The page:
Home » Mourning Literature & Custom » Thoughts Upon Death. by Blaise Pascal.

Thoughts Upon Death. by Blaise Pascal.

I am lucky enough to have in my personal library a book entitled ‘The Mourner’s Friend or Sighs of Sympathy For Those Who Sorrow’. It is a collection of prose and verse compiled to give comfort to the grieving. Edited by J.B. Syme, published in 1852 by S.A. Howland in Worcester, Mass, USA; its contents are predominantly by American authors. My copy of the book has some water damage, ageing paper, and precarious binding, so before it deteriorates my project to preserve the words of the authors will find its way here on the MOLAM blog. 

Thoughts Upon Death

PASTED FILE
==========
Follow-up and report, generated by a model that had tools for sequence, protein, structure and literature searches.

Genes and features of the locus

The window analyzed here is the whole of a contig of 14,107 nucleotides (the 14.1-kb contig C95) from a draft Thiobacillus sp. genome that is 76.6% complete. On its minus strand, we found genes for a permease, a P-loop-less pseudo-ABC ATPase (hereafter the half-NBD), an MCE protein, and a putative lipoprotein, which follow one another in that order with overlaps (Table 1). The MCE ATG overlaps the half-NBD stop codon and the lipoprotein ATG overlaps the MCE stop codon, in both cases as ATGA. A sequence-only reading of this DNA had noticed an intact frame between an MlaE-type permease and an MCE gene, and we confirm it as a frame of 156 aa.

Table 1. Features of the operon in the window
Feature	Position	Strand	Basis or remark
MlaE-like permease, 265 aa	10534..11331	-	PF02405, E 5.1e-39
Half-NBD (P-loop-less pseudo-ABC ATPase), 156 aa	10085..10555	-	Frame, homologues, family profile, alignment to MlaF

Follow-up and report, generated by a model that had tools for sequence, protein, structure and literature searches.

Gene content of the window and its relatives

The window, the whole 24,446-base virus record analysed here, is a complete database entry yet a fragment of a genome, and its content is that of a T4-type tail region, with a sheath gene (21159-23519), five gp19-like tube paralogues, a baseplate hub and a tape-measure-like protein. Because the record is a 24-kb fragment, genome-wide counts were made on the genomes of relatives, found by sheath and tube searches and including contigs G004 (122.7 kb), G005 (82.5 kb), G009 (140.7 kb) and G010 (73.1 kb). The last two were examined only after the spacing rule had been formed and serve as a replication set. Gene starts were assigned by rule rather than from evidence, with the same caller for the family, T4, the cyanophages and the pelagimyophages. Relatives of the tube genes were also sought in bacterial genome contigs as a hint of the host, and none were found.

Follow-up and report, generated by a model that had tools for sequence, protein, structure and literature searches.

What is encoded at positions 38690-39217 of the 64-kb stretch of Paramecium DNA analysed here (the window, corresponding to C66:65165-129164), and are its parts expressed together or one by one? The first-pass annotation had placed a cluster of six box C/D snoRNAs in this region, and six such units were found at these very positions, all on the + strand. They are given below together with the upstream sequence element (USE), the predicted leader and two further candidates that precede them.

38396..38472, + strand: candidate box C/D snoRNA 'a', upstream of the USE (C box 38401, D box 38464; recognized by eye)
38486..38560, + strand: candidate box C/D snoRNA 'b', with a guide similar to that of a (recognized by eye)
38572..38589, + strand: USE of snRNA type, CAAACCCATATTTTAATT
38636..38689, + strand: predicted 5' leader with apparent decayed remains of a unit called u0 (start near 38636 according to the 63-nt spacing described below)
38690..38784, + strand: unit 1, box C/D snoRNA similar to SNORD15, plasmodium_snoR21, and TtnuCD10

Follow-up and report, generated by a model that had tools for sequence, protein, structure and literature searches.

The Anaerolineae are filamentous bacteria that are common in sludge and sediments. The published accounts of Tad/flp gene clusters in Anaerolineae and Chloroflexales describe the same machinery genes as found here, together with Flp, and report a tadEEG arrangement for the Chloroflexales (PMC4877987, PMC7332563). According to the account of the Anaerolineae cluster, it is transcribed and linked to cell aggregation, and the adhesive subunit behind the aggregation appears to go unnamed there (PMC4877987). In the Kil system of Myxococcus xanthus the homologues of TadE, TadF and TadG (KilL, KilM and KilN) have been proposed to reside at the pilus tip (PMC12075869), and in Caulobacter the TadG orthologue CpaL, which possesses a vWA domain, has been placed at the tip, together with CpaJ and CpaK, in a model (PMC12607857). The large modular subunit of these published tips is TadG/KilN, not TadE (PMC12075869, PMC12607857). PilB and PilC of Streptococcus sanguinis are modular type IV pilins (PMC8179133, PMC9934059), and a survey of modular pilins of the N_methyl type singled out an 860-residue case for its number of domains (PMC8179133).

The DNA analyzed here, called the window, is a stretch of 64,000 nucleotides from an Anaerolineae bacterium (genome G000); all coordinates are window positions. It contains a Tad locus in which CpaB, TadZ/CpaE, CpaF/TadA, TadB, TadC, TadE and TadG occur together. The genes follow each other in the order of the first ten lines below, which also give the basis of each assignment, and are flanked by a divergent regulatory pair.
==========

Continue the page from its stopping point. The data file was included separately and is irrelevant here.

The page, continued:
When we are in affliction on account of the death of some friend whom we loved, or some other misfortune that has happened to us, we ought not to seek for consolation in ourselves, nor in our fellow-creatures, nor in any created thing ; we should seek it in God alone. And the reason is, that creatures are not the primary cause of those occurrences which we call evils ; but that the providence of God, being the true and sole cause of them, the arbiter and the sovereign, we ought, undoubtedly, to have recourse directly to their source, and ascent even to their origin, to obtain satisfactory alleviation. For, if we follow this precept, and consider this afflicting bereavement, not as the result of chance, nor as a fatal necessity of our nature, nor as the sport of those elements and atoms of which man is formed, – for God has not abandoned his elect to the risk of caprice or chance, – but as the indispensable, inevitable, just, and holy result of a decree of the providence of God, to be executed in the fulness of time ; and, in short, that all which happens has been eternally present and preordained in God ; if, I say, by the teachings of grace we consider this casualty, not in itself, and independent of God, but independent of itself, and according to the will of God, in the justice of his decree, and the order of his providence, which is the true cause, without which it could not have happened, by which alone it has happened, and in the precise manner in which it has, – we should adore in humble silence the inaccessible height of his secrets ; we should venerate the holiness of his decrees, we should bless the course of his providence ; and, uniting our will to the will of God himself, we should desire with him, in him, and for him, those very things which he has wished in us, and for us, from all eternity.

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